The school fight. Tuning into making sense of why and what next?
A little while back, my then 8-year-old son’s school phoned to let me know he had got into a fight at lunchtime, hurt another child and had refused to apologise. I was shocked, embarrassed, worried what the other parent would think and if the child was hurt, and angry with him.
Later that night, when we were both calm and playing a card game he likes, I decided to put aside my desire to tell him all the reasons he shouldn’t have done what he did and get into his world. Understand what had happened and why, to help us consider what next (he had said he wasn’t going back to school tomorrow). He described the school fight incident and how another boy had been saying mean things and ruining a game of football for him and his friends during lunch-break. Because the other boy wouldn’t stop, my son exploded and hit him.
Recounting the story I could see his distress and anger. I said kindly “It sounds like you were defending something that is important to you, playing with your friends, but it went wrong when you hurt the other boy?” He agreed. I could see that friendship, and the sense of being part of a group was important to him. His desire for acceptance. I asked him more about what it means to have good friends? To be part of his football team and his friendship group? The more he talked the more it became clear, this was one of the most important things to him. I then asked him about what makes a good friend in his mind - loyalty, having fun, being fair, saying sorry, getting each other, being a team – were all of his ideas. I said it made sense that he got so angry when someone else was doing something that felt against what was important to him.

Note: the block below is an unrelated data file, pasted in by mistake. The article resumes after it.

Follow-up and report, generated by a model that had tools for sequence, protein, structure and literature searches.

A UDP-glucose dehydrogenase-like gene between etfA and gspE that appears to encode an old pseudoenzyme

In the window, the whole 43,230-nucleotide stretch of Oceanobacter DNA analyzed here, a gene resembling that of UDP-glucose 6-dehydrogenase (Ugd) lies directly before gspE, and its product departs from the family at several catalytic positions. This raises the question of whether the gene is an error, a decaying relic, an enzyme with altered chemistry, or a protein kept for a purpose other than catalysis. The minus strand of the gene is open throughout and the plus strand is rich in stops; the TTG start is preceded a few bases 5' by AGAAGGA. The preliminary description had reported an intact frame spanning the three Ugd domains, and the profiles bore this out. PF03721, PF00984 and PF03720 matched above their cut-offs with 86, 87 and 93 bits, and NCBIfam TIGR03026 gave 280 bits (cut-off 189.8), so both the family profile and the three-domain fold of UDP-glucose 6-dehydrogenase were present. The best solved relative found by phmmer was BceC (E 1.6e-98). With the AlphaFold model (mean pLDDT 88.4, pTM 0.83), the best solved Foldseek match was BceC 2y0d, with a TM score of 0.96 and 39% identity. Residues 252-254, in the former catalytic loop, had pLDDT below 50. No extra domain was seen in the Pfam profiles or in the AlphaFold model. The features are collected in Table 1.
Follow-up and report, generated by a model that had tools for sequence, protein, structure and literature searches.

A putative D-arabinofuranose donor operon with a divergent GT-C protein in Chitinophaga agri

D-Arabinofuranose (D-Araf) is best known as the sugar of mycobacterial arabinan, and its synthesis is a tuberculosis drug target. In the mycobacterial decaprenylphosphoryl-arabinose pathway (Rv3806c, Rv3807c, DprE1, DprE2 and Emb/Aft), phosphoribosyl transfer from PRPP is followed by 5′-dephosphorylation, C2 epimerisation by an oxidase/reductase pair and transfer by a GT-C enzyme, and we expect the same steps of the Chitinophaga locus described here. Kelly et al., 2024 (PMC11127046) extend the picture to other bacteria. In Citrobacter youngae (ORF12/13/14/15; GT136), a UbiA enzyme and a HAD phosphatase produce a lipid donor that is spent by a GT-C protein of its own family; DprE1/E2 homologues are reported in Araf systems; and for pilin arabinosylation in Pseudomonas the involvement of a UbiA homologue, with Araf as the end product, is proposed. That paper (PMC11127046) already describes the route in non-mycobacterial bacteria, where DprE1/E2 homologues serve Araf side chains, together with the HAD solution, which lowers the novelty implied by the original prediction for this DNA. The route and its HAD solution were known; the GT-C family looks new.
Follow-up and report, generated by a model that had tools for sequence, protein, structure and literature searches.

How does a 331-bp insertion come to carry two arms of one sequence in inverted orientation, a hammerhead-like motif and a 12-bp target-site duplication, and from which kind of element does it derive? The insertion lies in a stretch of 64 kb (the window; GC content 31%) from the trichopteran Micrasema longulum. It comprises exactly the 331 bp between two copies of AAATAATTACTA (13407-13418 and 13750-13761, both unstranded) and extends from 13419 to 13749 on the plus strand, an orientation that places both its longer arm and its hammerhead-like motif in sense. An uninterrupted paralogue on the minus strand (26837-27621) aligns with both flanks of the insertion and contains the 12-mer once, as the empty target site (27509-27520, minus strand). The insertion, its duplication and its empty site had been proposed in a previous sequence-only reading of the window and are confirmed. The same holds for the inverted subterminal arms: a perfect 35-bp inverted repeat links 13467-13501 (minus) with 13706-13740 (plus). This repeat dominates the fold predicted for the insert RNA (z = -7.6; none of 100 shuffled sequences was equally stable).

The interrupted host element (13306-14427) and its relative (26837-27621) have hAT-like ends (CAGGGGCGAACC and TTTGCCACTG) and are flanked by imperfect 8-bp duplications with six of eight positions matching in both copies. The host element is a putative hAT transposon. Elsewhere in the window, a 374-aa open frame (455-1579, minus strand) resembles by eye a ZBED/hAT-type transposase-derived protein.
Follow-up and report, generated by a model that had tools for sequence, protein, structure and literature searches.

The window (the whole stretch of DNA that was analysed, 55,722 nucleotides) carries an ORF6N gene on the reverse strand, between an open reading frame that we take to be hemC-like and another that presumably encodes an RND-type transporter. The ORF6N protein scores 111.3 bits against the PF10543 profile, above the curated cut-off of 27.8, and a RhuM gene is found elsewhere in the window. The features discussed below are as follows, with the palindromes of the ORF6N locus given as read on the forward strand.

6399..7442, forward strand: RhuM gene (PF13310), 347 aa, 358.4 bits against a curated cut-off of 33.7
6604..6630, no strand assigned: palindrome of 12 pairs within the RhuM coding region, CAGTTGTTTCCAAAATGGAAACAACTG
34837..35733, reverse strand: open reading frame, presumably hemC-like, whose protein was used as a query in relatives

I asked if the way he responded, with a hit, followed his own views on good friends. He said “No.”
I asked: “Does that make you feel worse or better in the long-run?”
“Worse”, he said, “and now I don’t want to go back to school.”
Me: “If you don’t go back to school will that solve the problem and help you have good friends and a sense of belonging?”
Him: “No, I will feel more alone.”
Me: “So what can you do tomorrow which helps you be a good friend and feel better about going back to school?”
We then were able to come up with a plan together for the following day which involved an apology and a discussion with his teacher to consider ways he can walk away from situations where he might be being triggered, and if necessary get help from an adult.
By sitting with and looking more closely at the feeling (anger, sadness, shame) we were able to trace the feeling back to a value and then help him (a) understand himself better, and (b) use this information to guide what he did next (reach out, apologise) – rather than just relying on the feeling on its own to inform what next (not go to school, fall out with friends). This approach is not about making excuses, but instead is about accountability.